5 Ways to Sleep like a Log
After going through your inconsolable teen years where it seemed like you could never get ENOUGH sleep, choosing every free moment to squeeze in a nap and then transitioning into the adult lifestyle, where not only are you too stressed and have to much to get done to actually sleep, but also have NO time to nap, seems like a really horrible exchange for some extra cash and independence.
After never-ending work days as an adult, then plugging in responsibilities, taking care of families and each of their lives, and adding just every little, busy-filled waking moment, sleep seems to be a refuge.
It seems to be an impossible, unachievable dream, that you can’t even dream about because you have no time. No time to sleep. Nor dream.
So here’s the kicker.
Not only do us adults have no time nor opportunity to get that much-desired sleep, our bodies play a very cruel joke on us when we eventually have those precious hours to rest and catch some shut-eye.
It doesn’t happen.
If you are like me, live an active lifestyle, seem to eat correctly and hydrate properly, yet you still find yourself pushing the home button on your cell phone to see what time it is for the fourth time that night, then these next five tips might help.
Tossing and turning isn’t just for people with stress, or with a big sales pitch the next day, it’s a real issue that affects loads of people then you might think, and well into the stages of their adulthood.
Here are five ways to get the sleep you desperately need, consistently, and extremely log-like:
1. Expose yourself to light during the Day.
Making sure you get some light, whether it be artificial or natural (of course natural is better) during the day will help your body realize that it is supposed to be awake. Light works directly with our internal and biological clock. Like the sunshine beaming down on a sundial, light helps tell our bodies that it is daytime and that it is the normal time to be up. Light also helps with vitamin D, depression, sluggishness, and works directly with our immune system.
2. Shut out all the light during the Night.
Even the smallest of lights can affect your sleep. Light to your body (even to your closed eyes) makes you think that you need to be awake. So even if there is a minute amount of light in the place where you try to get some shut eye, it can take a toll on the quality of your sleep.
3. Get more routine with your schedule.
Yes, we know that life hits and doesn’t stop hitting. It whirls up your normal plans like a tornado. But the first step is to take control of the things you CAN control. For instance, bedtimes don’t have to just be for the kids. If you treated yourself with the same caution and care that you treat your children, you could be so much healthier. Get yourself ready to sleep around the same time and set an alarm to wake up the next morning also at the same time. This routine will make your body more regulated to a schedule and therefore be ready and know what to do with it. We are creatures of habit and our bodies are also. Getting used to something, using it and making the best of it is what our bodies do best. So giving it a routine will help your body know what to do with the time that it’s given.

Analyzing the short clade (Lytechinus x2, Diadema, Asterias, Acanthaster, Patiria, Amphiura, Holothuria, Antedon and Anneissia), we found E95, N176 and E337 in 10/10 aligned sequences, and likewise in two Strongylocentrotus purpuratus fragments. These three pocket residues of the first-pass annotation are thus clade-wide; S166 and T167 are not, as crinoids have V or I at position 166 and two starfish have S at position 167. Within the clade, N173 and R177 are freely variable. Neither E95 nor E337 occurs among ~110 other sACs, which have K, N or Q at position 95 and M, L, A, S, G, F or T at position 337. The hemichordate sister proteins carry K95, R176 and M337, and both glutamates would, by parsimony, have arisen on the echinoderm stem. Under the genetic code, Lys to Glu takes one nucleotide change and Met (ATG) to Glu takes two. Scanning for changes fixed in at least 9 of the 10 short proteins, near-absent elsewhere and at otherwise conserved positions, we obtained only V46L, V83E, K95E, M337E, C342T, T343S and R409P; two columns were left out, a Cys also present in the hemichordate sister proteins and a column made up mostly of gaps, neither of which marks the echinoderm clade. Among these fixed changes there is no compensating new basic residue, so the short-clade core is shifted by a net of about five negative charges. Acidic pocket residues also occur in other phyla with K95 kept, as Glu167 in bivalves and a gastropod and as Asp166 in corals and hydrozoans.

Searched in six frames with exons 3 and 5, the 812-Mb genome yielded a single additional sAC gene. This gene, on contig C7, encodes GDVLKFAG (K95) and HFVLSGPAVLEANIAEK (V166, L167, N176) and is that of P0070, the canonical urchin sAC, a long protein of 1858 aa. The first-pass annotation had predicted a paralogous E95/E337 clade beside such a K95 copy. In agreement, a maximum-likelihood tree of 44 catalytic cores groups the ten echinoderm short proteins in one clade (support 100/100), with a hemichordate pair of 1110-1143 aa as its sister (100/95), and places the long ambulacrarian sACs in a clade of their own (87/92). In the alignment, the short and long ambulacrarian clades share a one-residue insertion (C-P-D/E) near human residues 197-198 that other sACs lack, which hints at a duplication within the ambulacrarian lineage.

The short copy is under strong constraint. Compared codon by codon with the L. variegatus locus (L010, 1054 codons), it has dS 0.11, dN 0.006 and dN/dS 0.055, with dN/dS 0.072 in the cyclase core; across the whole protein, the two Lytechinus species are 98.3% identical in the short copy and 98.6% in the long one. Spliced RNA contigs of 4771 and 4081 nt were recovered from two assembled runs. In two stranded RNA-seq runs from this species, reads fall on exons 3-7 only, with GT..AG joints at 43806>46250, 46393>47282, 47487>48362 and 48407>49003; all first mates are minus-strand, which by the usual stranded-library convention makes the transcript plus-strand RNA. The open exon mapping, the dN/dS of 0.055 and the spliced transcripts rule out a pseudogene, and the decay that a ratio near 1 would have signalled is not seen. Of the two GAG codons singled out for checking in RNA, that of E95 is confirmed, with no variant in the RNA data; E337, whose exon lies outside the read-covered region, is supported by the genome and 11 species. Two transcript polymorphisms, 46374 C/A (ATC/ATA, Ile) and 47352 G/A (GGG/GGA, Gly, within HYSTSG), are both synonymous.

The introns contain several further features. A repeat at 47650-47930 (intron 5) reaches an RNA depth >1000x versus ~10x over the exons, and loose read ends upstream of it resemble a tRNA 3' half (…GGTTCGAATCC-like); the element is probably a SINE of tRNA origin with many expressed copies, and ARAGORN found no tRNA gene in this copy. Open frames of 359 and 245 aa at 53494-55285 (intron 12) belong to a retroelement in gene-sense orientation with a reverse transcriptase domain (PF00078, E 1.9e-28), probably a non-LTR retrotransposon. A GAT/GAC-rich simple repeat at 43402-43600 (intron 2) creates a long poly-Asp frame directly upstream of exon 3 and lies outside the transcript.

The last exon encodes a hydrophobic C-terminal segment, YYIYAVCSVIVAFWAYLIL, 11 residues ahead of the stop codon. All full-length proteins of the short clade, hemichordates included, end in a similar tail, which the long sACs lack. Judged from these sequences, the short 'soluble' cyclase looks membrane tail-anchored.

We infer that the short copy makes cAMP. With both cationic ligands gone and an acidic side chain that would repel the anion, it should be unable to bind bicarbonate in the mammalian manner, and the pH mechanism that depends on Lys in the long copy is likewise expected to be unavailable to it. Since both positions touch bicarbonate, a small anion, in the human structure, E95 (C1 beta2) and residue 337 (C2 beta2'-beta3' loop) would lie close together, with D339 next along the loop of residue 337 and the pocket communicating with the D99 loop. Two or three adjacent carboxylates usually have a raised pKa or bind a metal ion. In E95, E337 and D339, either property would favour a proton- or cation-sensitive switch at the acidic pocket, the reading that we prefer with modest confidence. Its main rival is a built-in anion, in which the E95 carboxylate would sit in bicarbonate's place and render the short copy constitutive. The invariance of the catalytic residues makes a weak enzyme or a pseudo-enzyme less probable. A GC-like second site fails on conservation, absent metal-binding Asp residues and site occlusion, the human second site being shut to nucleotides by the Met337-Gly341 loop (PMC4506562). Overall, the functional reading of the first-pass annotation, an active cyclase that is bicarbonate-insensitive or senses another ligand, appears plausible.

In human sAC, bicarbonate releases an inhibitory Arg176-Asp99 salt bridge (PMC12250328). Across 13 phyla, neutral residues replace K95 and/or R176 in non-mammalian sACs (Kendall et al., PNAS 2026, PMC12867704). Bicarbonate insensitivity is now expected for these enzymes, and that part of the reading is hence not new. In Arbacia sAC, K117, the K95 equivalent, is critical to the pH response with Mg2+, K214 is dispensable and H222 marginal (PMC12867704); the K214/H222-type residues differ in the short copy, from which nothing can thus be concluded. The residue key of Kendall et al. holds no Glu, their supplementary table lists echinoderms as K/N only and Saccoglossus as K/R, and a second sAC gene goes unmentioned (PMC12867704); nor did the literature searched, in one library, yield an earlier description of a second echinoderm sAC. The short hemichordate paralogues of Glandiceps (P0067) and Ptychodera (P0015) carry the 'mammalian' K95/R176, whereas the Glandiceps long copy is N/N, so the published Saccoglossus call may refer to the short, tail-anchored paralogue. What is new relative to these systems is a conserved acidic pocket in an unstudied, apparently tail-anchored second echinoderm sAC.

4. Watch the caffeine.
Caffeine is not only found in your morning cup of joe. It’s in certain foods or drinks, especially sodas. Of course, the limit can change from person to person. In Europe, loads of countries are used to having a shot or two of coffee after their evening meal (and lunch, and snack..), and they can still get to bed soundly. Try to know your limit, take note for when you have trouble sleeping when you had your last drops of caffeine. The rule of thumb is to not drink anything caffeinated six hours before you get to bed, but this, of course, varies person to person. Try a cup of white tea instead.
5. Watch your thermostat.
If you’ve ever woken up in the middle of the night and had to throw the covers off of your body as quickly as possible, or as the opposite, snuggle in tighter, you’ve experienced the discomforts of sleeping with an un-ideal temperature.
Regulating your body temperature starts with the temperature of the room. Research has had said 65 degrees Fahrenheit is the ideal temperature to set a room or a house in to get sleep, but of course, everyone is different. An experiment to try is to set the temperature to sixty-five and then to get yourself ready to “deal” with it. In other words, if it’s too hot, dress light and push the covers away, or if it’s too cold, snuggle and settle in ready for a good night’s rest.
There are so many things you can do during the day, in accordance with nutrition, with exercise or with daylight exposure. But a nighttime routine can actually be the difference between a restful night’s sleep and a night where you and toss and turn every couple hours.
Everyone is different. Experiment with a few of these tips (or all of them!) to try and see what routine or setting will help you achieve your best night’s sleep. Keep in mind the issue might run deeper than you think. There are so many different sleeping disorders as well, so if you feel like you’ve tried all you can, consult a specialist or your doctor to take a closer look at your sleeping habits and your health to get you the best sleep possible. Of course, we advise you to try and avoid drugs as much as possible, but that’s also a personal decision that you have to make in consultation with your doctor.